This is some fairly dark, piratey stuff. And as I have no kids, I don't know how I think you parents out there feel about skeletons used as pointers, the insecurity of homelife when you live and work in a bar at age 10, mutiny, marooning Ben Gunn (the original Golum), etc.. et al. But it's still a pretty fun movie, even if it's ripe for an update that isn't Treasure Planet.
A little scariness helps build a sense of wonder, I think. Also, a little darkness and scariness in movies gives kids a chance to be brave. Kids need a chance to be brave. They don't need to be traumatized, but they like to be brave.
All I know is that I hope Raylan likes Pirate-Talk, because he'll be getting plenty, ye dirty swabs!
This was my favorite of Disney's live action films. Great story, great performances. I read the book for the first time only a few years ago and was a little bit of a let down. The opening is great, but much of the book, for whatever reasons, Stevenson rushes past dramatic exciting moments or they take place "off screen" so to speak, while Stevenson goes in to great detail on dull moments like Jim making his way around the island in Ben Gunn's rowboat. It's weird.
I agree with J.S. If my kids are any measure, a reasonable amount of danger or scary is good, so long as the bad guys get their comeuppance. My oldest boy liked me to make up bedtime stories that starred him. One of these tales involved the two of us walking around the mall. I told him to wait for me on a bench while I went into Foot Locker (and yes, I am a bad parent in the story). While he's sitting there, a "bad guy" comes and grabs him or steals something from him (I don't remember). Anyway, Batman swings down, punches the villains' lights out and saves the day. My son, however, was not satisfied with this ending. He added his own climax, in which Superman shows up after Batman's capture and proceeds to pound the living pulp out of the bad guy. My boy was very insistent on this ending in whatever iteration I told this story. To him, the bad guy had to be beaten so bad as to never be physically capable of harming anyone again.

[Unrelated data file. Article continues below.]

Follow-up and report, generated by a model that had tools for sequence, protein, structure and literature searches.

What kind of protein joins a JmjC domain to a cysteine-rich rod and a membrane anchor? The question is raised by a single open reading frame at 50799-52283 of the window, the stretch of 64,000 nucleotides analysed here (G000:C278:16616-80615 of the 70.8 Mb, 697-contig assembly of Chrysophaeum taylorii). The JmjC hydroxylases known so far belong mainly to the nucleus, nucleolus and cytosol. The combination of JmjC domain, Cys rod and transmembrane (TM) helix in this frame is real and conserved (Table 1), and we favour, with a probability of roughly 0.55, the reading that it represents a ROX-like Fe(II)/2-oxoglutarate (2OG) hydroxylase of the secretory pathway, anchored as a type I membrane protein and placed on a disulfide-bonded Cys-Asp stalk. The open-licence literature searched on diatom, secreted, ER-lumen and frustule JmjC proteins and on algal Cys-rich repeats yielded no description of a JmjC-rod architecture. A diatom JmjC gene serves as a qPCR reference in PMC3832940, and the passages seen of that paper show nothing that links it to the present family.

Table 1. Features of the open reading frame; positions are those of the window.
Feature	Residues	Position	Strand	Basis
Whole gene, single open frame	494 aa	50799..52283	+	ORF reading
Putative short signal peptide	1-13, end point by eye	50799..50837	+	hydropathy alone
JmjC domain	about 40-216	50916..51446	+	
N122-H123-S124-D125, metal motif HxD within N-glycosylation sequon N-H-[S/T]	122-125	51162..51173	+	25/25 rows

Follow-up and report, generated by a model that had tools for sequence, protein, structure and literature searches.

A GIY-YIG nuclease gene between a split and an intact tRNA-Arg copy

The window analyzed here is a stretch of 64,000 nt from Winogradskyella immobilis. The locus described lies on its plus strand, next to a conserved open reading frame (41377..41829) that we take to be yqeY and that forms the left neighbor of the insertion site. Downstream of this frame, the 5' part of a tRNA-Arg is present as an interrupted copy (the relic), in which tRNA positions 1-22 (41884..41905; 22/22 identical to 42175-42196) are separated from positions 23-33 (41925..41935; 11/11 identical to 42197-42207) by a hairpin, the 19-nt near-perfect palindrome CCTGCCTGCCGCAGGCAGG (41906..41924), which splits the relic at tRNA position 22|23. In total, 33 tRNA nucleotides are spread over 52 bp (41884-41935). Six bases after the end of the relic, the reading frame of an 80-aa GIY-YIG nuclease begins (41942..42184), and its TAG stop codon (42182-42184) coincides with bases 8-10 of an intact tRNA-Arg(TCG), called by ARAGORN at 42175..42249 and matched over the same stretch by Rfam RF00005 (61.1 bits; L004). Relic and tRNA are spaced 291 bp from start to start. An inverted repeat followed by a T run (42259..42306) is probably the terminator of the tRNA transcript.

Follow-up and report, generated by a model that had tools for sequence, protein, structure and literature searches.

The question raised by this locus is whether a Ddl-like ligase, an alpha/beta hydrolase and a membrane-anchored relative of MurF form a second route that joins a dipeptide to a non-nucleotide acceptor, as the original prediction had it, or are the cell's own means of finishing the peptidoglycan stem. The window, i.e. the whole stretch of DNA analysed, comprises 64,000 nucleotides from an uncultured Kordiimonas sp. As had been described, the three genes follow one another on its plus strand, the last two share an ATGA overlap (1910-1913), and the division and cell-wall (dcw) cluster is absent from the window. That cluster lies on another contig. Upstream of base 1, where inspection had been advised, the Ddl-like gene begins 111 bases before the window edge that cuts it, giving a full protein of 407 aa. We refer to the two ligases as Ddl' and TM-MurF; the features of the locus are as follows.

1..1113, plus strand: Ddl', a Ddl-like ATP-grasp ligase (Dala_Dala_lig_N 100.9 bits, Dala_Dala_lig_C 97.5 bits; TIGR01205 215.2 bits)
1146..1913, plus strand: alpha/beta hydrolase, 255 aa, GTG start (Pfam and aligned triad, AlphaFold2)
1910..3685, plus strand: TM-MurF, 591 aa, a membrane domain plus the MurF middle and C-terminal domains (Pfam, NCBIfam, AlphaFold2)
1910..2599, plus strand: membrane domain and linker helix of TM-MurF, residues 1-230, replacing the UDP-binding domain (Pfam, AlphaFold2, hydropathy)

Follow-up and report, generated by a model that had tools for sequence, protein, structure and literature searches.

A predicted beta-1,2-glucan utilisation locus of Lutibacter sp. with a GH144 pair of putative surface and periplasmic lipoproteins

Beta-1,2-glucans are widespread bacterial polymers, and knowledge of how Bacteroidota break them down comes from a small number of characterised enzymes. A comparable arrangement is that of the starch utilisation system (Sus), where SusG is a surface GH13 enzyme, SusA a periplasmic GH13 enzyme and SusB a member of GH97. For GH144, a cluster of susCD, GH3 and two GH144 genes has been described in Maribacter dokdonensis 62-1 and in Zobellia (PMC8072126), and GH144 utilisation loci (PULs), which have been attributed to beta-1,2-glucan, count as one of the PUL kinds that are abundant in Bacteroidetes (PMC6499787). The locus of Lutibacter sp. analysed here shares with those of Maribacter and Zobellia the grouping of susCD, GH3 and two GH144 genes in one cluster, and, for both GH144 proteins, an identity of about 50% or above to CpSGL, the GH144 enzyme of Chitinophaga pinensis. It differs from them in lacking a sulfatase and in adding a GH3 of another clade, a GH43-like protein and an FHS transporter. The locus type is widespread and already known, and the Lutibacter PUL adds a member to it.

Or maybe he was just trying to show his dad how to do his job.
That's remarkably telling of the kind of security kids are looking for - a removal of ambiguity in the form of Superman. I can get behind that. I'll be babysitting the new nephew at some point, so I need to get some of this sorted out. There's probably a comic story in there somewhere that could explore Bruce Wayne's permanent reaction to bad guys needing their teeth removed and why he gets mad at Superman for not doing so.
Yeah, I haven't read the book since I was 10 or so, so its hard for me to say how it stacks up, which is why I won't re-read the book any time soon. The movie is pretty great, and I believe it won some Oscars, but I'd have to check.